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Medical writing Module 2: Epidemiology and Evidence-Based Medicine

In module 1 i.e. induction of Medical Writing along with Types and Organisation name and What are skills required etc are covered. Have a look at the given link INTRODUCTION OF MEDICAL WRITING

Now, Let’s start with Module 2 i.e. Epidemiology and Evidence-Based Medicine

“Epidemiology is the analysis of the distribution and determinants in particular populations of health-related conditions or incidents, and the application of this study to the control of the health problems.

Epidemiology is the analysis (scientific, systematic , data-driven) of the distribution (frequency, pattern) and determinants (causes, risk factors) of health-related states and events (not just disease) in different populations (patient is group, individuals collectively viewed) and the application of this study (since epidemiology is a public health discipline) to the management of health problems.


At its foundation, epidemiology is a medical discipline with strong scientific investigation methods.

Epidemiology is data-driven and is based on a clear and objective approach to data collection , analysis and interpretation.

Specific epidemiological methods continue to focus on careful observation and use of relevant reference groups to assess if what has been observed differs from what should be expected, such as the number of cases of disease in a specific area over a given period of time or the degree of exposure among people with the disease.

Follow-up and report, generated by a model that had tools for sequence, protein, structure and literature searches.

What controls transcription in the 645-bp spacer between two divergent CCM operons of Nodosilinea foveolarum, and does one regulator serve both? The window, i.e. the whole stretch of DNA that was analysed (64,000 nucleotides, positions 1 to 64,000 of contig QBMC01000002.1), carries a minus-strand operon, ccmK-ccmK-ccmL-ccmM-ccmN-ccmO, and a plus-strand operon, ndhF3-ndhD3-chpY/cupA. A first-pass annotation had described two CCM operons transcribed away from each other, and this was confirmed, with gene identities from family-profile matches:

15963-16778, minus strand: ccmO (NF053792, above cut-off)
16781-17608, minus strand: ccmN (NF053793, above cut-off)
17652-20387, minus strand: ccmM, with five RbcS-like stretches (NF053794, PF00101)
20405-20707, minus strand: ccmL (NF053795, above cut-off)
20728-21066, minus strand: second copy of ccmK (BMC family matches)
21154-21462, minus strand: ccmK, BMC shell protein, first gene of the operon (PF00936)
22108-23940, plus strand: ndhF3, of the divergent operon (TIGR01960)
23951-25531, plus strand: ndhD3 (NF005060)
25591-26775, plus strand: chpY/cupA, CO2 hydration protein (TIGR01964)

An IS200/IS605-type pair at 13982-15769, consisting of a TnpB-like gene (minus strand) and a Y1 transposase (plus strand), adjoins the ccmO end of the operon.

However, epidemiology also draws on approaches of biological , cultural, social , and behavioral sciences from other scientific fields, including biostatistics and informatics.

Even so, epidemiology is also defined as, and with good reason, the basic physics of public health.

  1. Epidemiology is a quantitative discipline focused on a working knowledge of the opportunities, statistics and sound methods of study.
  2. Epidemiology is a fundamental reasoning method focused on the creation and testing of theories based on scientific fields such as genetics, behavioral sciences, physics and ergonomics with a view to understanding health-related behaviors, states and events.

However, epidemiology is not just a research activity but an essential component of the public health, providing the foundation for directing practical and appropriate public health action based on this science and causal reasoning.


Epidemiology is concerned with frequency and pattern of the health events in a population:

Frequency refers not only to the number of health incidents in the population, such as the number of cases of meningitis or diabetes, but also to the relation of this number to population size. The resulting rate allows for epidemiologists to assess the incidence of disease among various populations.

Pattern refers to health related incidents occurring by Time, location, person, etc. Timing trends can be annual, periodic, weekly, hourly, weekday versus weekend, or any other time breakdown that may influence the incidence of disease or injury.